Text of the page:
Alternate Names: Wenabozho, Wenebojo, Wenebosho, Nanabush, Nanabosho
Nanabozho was the trickster hero figure that dominates much of the mythology of the
Chippewa (Ojibwa) people of the north-east to north-central United States. He is
portrayed, as common to the trickster archetype, as having a dual nature. He is both
evil, yet innocent, foolish, yet cunning, murderous, yet life-giving. In Native American
mythology, he often symbolizes man's animalistic desires and urges rather than the
rational and developed consciousness. He often acts on feeling and instinct, rather then
Nanabozho, in most of the myths, is said to be the first indian, or the bearer of the
first Indians. He is also credited with the creation of earth, although, he is not
looked upon as a creator god in the traditional sense.
The story goes something like this:
There was a place, that was not the earth that there is now, but some other place.
There was only one woman alive at this time, however, she conceived and delivered twin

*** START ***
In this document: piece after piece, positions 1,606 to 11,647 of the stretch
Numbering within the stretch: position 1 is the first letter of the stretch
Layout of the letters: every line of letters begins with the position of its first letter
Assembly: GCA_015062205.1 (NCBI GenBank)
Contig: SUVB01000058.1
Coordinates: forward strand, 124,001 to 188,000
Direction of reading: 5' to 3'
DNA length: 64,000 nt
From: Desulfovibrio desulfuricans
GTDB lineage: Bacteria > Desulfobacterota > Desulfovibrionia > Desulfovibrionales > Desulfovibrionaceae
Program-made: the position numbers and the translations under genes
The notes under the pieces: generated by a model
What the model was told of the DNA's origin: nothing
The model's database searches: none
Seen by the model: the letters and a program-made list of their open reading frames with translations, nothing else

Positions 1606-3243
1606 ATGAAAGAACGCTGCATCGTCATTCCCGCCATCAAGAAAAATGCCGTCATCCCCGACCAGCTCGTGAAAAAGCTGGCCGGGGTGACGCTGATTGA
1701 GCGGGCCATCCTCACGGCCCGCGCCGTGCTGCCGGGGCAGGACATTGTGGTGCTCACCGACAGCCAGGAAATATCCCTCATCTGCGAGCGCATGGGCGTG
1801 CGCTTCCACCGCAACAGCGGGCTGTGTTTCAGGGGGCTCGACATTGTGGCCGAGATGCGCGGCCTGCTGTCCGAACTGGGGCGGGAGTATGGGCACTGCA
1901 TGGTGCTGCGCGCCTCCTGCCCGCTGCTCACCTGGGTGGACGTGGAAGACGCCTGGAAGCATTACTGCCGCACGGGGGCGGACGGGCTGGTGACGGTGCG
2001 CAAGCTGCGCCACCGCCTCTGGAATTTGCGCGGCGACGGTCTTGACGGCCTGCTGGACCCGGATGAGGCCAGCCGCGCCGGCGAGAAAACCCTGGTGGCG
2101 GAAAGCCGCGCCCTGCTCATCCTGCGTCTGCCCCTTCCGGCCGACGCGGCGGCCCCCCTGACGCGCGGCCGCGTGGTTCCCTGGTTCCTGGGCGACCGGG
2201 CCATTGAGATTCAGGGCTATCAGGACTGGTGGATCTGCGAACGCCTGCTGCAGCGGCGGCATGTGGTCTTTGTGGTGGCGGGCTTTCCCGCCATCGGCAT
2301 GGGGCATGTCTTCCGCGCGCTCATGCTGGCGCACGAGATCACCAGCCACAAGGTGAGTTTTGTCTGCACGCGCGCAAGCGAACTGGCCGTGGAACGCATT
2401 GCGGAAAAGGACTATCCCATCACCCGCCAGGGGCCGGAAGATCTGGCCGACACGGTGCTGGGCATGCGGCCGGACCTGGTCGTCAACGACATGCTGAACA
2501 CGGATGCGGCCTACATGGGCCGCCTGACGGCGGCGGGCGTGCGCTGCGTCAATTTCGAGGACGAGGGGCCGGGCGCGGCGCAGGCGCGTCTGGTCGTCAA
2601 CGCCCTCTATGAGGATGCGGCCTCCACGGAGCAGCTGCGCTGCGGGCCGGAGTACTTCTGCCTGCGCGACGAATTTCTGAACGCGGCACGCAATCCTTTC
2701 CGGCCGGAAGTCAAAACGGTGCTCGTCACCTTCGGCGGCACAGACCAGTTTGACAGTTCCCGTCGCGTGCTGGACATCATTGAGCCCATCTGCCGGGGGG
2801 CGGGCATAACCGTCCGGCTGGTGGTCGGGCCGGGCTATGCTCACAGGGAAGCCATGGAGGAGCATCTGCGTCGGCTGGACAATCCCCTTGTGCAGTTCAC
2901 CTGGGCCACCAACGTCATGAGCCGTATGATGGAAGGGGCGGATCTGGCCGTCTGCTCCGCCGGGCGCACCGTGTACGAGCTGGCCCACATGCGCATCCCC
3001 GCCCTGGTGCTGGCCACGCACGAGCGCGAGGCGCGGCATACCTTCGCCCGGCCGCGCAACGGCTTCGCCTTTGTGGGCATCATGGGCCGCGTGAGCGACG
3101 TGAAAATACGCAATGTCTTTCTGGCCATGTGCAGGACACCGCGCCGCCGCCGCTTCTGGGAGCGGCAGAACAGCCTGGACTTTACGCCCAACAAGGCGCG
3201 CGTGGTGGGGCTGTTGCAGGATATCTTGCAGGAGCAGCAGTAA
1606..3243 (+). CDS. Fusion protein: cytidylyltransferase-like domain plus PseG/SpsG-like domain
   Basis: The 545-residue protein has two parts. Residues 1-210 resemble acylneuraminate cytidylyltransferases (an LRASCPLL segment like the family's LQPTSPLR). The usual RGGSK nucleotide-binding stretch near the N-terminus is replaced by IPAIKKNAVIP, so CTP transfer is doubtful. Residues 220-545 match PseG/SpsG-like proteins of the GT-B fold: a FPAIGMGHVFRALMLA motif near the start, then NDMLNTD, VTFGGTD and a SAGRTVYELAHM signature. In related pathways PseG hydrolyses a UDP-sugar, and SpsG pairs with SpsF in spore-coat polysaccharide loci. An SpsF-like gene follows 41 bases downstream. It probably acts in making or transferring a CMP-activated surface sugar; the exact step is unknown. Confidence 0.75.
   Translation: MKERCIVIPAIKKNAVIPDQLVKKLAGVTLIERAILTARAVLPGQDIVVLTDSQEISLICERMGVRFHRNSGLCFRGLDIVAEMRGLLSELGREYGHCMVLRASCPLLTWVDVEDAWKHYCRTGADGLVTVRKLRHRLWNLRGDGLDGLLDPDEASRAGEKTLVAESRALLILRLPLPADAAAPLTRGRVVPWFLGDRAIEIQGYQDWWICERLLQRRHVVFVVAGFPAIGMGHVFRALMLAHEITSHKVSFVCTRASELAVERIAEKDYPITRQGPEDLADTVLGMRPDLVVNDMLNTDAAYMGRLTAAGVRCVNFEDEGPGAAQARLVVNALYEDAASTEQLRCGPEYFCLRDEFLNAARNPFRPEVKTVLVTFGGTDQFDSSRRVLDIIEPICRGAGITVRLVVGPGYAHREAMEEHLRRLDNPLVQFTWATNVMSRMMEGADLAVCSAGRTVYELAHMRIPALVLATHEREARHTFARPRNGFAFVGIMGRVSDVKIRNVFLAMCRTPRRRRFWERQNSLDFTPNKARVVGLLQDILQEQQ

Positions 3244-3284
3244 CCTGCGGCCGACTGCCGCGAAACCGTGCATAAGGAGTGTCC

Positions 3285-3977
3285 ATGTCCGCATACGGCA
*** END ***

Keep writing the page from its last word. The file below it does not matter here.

sons (in some stories triplets), and died in childbirth. The first born was called
Nanabozho ended up killing his younger brother, to free himself from the attachment, and
traveled throughout the land. He encountered a pack of wolves, and desired to join them.
The wolves agreed, but after a few months, they grew tired of Nanabozho's antics, so they
left him with a younger wolf from the pack to care for him.
This wolf, his "nephew", cared for him so well, that the spirits under the waters
(in some instances, it is thought that this refers to Lake Superior) became jealous and
drowned the wolf. This tore Nanabozho apart.
One day, while the underwater spirits were out on the shore sunning themselves,
Nanabozho snuck up on them and shot the King of the spirits and the spirit next to him with
an arrow. The other spirits had seen what happened, and became enraged, and flooded the
world. Nanabozho escaped by climbing the highest tree.
At this point, the whole world was underwater, and all the animals were swimming around.
Nanabozho saw some of these animals, and asked them to dive down to the bottom to fetch
some earth so that they would have land again. The first animals tried, but drowned.
Finally, one of the animals was able to grab a few grains of sand from the bottom.
Nanabozho spread these grains around, and an island formed. He asked a bird to fly
around the island to make it grow, and thus, the earth was created.
The stories of Nanabozho are often tales of foolishness, and teach about how one
should not act. Nanabozo, although he had the power to create the earth, is often tricked
by simple means, or, easily gets into troublesome situations. His antics serve two
purposes, to teach about acceptable behavior, and to explain "why" nature is the way it